Theatre Review: ‘Memories and Martinis’ at O’Connell & Company

Anyone who grew up loving music and stories and plays will admit to the same truth: their bedroom was a theatre, their bed was a stage, stuffed toys and dolls were members of the audience, and heartfelt solos were sung into hairbrushes.  For Mary Kate O’Connell, these early days spent singing, dancing, and acting with her beloved sister Patti became the roots of her career and the foundation of ‘Memories and Martinis,’ her first cabaret show onstage at O’Connell & Company.

. . .a delight. . .

Yes, it’s her first cabaret (not counting the ensemble piece ‘ DIVA by DIVA: A Celebration of Women’ which she writes and produces  and is now in its 17th season) show that reflects on her life, both on stage and off. With her dear friend and musical director Chuck Basil and her dog Rosy sharing the stage, it’s all Mary Kate, her warmth, her wit, and her stories. Very fitting – and maybe a bit surprising – that she opens the show with a Beatles classic, “In My Life.”  It’s poignant and a perfect place to start a life ‘til now story.

She takes you back to her family’s North Buffalo home and her bedroom productions with Patti, and the bond they shared as the youngest (and only girls) in a house full of five older brothers. Patti, “my best birthday present ever,” Mary Kate says wistfully, recalling the day her parents put baby Patti into Mary Kate’s arms and she was allowed to stay home from school to meet her only sister.

She reflects on loving the movies and music of Doris Day, and meeting Rosemary Clooney, and her first trips to New York City with her parents and sister, having dropped the boys off at West Point along the way, and the rush of her first Broadway show and seeing Carol Channing on stage.  Fast forward to 1971 and her teen years, getting her first pair of blue jeans and listening to Carole King’s album ‘Tapestry.’ From there it was time to launch her professional career, doing theatre in downtown Buffalo, meeting Buffalo big band leader Irv Shire and songwriter son David Shire.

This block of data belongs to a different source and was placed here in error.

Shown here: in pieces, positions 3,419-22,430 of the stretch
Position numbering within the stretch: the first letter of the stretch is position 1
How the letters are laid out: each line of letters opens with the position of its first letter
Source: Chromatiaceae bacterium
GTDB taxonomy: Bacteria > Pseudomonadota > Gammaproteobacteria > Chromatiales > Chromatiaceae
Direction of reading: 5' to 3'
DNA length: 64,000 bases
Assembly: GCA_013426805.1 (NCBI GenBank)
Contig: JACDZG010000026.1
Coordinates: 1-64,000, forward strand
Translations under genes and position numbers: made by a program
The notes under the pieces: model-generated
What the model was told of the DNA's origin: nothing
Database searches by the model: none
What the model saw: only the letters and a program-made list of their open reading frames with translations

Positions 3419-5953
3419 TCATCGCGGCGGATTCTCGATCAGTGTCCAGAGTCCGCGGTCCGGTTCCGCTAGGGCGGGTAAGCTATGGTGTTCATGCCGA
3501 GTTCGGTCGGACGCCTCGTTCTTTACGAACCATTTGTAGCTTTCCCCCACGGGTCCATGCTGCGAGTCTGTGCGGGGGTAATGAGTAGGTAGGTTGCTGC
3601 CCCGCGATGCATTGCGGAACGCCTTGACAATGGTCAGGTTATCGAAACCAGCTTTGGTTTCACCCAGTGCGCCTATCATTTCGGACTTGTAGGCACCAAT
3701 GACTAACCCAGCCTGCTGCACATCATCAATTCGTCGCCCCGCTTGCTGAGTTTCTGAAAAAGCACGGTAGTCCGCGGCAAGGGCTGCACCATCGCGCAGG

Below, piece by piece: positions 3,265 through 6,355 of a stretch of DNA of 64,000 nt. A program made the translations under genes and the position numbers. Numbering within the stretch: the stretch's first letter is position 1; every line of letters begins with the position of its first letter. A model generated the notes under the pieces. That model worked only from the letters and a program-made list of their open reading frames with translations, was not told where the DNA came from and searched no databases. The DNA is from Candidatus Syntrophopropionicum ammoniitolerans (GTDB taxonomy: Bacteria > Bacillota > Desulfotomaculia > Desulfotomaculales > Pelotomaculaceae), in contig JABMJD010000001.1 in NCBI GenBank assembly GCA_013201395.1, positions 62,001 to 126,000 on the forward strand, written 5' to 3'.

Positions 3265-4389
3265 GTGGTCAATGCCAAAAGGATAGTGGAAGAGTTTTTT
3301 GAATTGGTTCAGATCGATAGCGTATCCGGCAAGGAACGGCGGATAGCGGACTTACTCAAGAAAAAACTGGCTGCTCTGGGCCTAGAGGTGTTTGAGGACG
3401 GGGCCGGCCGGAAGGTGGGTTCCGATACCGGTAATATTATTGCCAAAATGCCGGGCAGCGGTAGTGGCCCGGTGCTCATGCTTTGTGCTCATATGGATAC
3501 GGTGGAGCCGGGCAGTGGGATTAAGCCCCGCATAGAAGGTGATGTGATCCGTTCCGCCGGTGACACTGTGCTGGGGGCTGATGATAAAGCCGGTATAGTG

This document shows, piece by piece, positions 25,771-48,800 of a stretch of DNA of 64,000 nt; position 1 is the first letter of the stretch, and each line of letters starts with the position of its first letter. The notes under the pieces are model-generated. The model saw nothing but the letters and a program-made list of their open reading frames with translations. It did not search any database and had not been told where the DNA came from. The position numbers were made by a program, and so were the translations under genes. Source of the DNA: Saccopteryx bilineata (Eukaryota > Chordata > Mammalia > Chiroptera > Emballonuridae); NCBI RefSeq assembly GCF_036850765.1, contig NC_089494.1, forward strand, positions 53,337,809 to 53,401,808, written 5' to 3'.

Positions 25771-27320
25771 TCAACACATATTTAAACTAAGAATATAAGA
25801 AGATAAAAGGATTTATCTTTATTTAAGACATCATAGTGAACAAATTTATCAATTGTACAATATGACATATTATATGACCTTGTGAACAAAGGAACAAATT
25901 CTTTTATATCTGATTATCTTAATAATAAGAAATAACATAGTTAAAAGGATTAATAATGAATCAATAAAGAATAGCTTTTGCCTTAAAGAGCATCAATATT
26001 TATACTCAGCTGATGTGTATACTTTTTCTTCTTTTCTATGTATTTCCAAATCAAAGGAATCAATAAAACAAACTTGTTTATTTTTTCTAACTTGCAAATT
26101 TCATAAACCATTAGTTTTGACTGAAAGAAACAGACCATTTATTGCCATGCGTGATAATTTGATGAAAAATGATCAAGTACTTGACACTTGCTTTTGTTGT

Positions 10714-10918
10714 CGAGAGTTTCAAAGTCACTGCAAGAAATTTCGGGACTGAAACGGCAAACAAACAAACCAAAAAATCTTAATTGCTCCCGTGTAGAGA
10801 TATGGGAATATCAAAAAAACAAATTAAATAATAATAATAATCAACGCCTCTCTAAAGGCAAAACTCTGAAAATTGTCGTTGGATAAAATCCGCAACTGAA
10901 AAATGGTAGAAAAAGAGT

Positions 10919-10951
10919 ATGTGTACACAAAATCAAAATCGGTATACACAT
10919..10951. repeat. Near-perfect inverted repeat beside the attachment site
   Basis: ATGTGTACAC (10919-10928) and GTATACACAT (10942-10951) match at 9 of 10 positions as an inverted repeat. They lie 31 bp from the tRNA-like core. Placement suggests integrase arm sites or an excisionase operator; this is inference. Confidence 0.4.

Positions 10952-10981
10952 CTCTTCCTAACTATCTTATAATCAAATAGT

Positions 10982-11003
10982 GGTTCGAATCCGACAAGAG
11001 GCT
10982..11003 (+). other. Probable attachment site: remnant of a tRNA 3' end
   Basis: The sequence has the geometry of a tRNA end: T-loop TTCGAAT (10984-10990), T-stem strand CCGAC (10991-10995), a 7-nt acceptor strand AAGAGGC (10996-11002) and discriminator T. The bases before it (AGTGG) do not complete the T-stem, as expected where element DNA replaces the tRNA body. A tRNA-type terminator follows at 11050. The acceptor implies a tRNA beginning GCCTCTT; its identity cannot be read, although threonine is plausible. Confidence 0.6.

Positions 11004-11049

There are plenty of stories like that in this show, some universal reflections, and some that are deeply personal. You feel the love she has for the family she was born to and the families she creates within the context of her work. You see their faces, too, on the walls of the set Matt Myers designed.

She and Basil have great rapport on stage, and his accompaniment is a glorious constant, sometimes barely there as a cozy music bed. He is a tremendous talent and he lends his voice to some fine tunes, memorably the Donald O’Connor track to “You’re Just in Love” from ‘Call Me Madam.’

Rosy, Mary Kate’s miniature poodle and constant companion is at her side  – and sometimes in her arms – throughout the show. Dressed in sparkling canine couture, Rosy dozes and wiggles and whimpers at times and it’s hard not to love someone so darn cute. She has her own story, as a 2.6 lb rescue who came to Mary Kate needing nurturing and a home.

Each performance has a guest friend who joins Mary Kate on stage: Annie de Fazio, a cast member from ‘1776’ was there for night two to swap some stories. I would have loved to hear a song or a duet.

Myers’ set design is simple, almost like the walls of a family room, with plenty of photos of Mary Kate’s family and friends, a stunning baby grand piano, a couple of stools and a bar for the martini glasses (her first one was over lunch with Buffalo’s grande dame of theatre, Blossom Cohan, who said a dry martini with three olives on the side was like lunch, another tale from Mary Kate’s canon). There are framed quotes on the wall, too, an homage to her late mother the quote-a-holic and a reflection of her DIVA by DIVA scripts.

Also on stage – but never mentioned – was a collection of awards. Several Artie Awards (one from just this year, for O’Connell & Company’s all-female production of ‘1776’), Arts Council awards, and Mary Kate’s Athena  Award from a few years back. Because when you’re the real deal and you live your life as an exemplar, you don’t need to come out and talk about it.

‘Memories & Martinis’ is a delight of a show. With plenty of heart, lots of music and stories,lots of laughs, and just a few tears, it’s gentle and sweet with a whole lot of heart, like Mary Kate herself.

Running Time: 2 hours with a 10-minute intermission,

“Memories and Martinis runs through June 23, 2019 and is presented at O’Connell & Company. For more information, click here.